Widen the Lens

By Douglas Nelson
[Table Lessons]

I always like to hear interactions, like the following remarks made at one of my seminars (it assures me the material has immediate application by the participant): 

“Wow, this is fantastic! These techniques will be so helpful for one of my clients. I have never treated the hamstring in this position.”

“Do you have a client with hamstring issues?” I asked.

“Yes, well, sort of. My client is a star high school football player, mostly because he is the fastest kid on the field. He plays offense, defense, and returns kickoffs. His mom is a client of mine and asked me to do sports massage for him just for maintenance. I discovered he has very tight hamstrings, even though they do not bother him. I have been aggressively treating his hamstrings for weeks with no real gains. His mom and I have been after him to stretch before practice and before games, but he doesn’t really like that. We are trying to convince him that if he stretches out his hamstrings, he will be even faster and less likely to be injured. He doesn’t seem convinced. In fact, he has become a bit negative toward treatment and doing his stretching. He feels as though he is now a step slower, which his mom and I think is the tightness finally catching up to him. These new approaches should help. Do you have any additional advice?”

“Yes. Stop what you are doing.”

The therapist looked at me quizzically, wondering what that statement meant.

“Seriously, I suggest that you stop aggressively treating his hamstrings with the intent of lengthening them. I also suggest that you not make him do static stretches before practice or before a game. What you are doing could be very counterproductive.”

Many times over the years, athletic trainers and I have mused about the hamstring tightness we found in athletes who have tremendous speed. We wondered if these athletes could be better with a more normal hamstring length or, conversely, do their tight hamstrings contribute to the blazing speed that makes them so valuable? (One does not experiment with elite athletes who make megabucks, but it does make for interesting conversation.)

The answer to our theoretical question came in 2009, when researchers at Nebraska Wesleyan University (NWU) explored the relationship between speed and hamstring length with the NWU track team. The results (published in the January 2009 issue of the Journal of Strength and Conditioning Research) were quite surprising. In their findings, the fastest runners generally had the tightest hamstrings. More importantly, the runners with tight hamstrings had an extremely efficient gait, as measured by the amount of oxygen used during a run. Runners with the most flexible hamstrings were slower and less efficient.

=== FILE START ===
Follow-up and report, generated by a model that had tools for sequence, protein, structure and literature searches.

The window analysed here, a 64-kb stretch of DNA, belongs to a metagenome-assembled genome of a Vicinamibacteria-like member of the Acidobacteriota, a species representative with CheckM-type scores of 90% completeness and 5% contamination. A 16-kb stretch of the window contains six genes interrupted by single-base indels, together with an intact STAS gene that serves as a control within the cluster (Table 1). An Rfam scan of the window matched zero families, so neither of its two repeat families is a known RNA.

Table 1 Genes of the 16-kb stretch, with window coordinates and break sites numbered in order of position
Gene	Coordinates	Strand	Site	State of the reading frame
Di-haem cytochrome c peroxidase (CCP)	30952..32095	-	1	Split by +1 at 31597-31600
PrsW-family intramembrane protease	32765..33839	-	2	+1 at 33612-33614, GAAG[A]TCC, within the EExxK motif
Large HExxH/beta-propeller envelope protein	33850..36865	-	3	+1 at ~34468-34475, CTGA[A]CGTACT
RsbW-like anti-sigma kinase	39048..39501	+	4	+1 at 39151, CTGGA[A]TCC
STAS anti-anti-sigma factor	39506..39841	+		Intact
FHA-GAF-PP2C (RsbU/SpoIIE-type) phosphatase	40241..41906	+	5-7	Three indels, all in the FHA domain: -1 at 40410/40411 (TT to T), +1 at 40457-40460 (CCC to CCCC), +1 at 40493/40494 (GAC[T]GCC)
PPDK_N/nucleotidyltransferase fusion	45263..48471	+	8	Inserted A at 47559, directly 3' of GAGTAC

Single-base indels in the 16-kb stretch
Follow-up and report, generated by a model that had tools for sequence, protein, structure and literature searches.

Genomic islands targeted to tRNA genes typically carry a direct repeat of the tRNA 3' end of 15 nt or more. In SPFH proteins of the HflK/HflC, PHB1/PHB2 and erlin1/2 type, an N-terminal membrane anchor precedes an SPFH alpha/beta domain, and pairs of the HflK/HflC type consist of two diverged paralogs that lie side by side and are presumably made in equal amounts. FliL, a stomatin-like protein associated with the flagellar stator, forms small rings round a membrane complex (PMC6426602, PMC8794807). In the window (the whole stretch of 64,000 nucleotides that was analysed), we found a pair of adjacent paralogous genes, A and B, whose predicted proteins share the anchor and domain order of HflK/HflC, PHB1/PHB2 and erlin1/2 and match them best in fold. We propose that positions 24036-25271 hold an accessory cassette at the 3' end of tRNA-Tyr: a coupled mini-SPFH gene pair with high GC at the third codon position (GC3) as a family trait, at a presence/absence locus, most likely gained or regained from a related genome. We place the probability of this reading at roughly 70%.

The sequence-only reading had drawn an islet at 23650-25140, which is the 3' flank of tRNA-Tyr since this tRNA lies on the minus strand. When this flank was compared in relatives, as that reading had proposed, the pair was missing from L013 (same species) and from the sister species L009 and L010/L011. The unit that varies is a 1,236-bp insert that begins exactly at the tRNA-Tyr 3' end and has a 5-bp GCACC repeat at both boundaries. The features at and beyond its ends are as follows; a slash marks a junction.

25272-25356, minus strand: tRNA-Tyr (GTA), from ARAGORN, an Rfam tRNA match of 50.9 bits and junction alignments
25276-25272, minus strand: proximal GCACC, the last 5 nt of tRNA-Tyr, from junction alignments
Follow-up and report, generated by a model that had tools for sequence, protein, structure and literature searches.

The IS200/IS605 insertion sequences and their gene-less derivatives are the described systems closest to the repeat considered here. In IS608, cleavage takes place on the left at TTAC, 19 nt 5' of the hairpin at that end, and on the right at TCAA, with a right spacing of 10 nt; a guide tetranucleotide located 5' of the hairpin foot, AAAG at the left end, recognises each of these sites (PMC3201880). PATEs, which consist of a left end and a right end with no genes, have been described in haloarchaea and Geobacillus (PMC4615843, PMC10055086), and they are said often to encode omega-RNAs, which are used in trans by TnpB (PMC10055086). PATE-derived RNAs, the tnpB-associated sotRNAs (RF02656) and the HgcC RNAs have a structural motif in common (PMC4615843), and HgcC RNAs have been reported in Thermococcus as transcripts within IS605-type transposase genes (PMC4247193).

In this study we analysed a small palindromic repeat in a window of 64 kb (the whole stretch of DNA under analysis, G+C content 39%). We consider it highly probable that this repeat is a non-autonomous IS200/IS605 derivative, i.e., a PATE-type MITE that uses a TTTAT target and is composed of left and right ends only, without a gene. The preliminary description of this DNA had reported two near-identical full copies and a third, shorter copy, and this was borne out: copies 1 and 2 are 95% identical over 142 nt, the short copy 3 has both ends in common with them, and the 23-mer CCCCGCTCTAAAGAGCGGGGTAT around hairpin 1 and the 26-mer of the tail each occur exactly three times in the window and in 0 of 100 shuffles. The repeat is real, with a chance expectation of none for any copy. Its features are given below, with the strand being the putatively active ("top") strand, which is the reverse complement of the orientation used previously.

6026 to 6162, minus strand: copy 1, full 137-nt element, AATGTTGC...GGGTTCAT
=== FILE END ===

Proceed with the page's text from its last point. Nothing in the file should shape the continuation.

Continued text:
As for stretching before competition or practice, the data again isn’t very convincing. An August 2010 study of 1,400 runners by USA Track and Field found that runners who stretched (using typical static stretching) and runners who didn’t stretch had exactly the same injury rate.

“I’m stunned,” my student exclaimed. “This is in conflict with what I have been taught.”

“I understand. Nothing ruins a good theory like a few facts. Our profession, like so many others, often makes some major assumptions and teaches theory or philosophy as though it were fact. Our particular bias is that muscular tightness is the source of all pain.

“Think of it this way: how can a person in pain visit so many practitioners and get a different diagnosis from every one of them? If you see a neurologist, the diagnosis is neural in nature. If you see a physical therapist, lack of strength is the problem. A chiropractor will find the cause to be misalignment in your spine. If you see a massage therapist, the problem is due to muscular tightness. Each discipline has a bias, a lens through which the problem is seen. That bias is both our strength and an enormous blind spot. All of us need to be vigilant in questioning the assumptions we make based on that bias.”

“Should I keep treating him? What should I do now?” she asked with hesitation.

“I’d continue to treat him, not with intent of aggressively lengthening his hamstrings, but to keep them functioning at maximal capacity. Trigger points in his hamstrings will reduce strength and more importantly, increase the possible onset of fatigue, which changes the firing pattern. Hamstring fatigue increases as the season wears on, especially if he is playing so many minutes. You might plan on seeing him more as the season progresses.” 

“I will do that. You know, I just realized that before I pursue a
treatment strategy, I should be absolutely sure it is in response to the right question.” 

  Douglas Nelson is the founder and principal instructor for Precision Neuromuscular Therapy Seminars and president of the 16-therapist clinic BodyWork Associates in Champaign, Illinois. His clinic, seminars, and research endeavors explore the science behind this work. Visit www.nmtmidwest.com or email him at doug@nmtmidwest.com.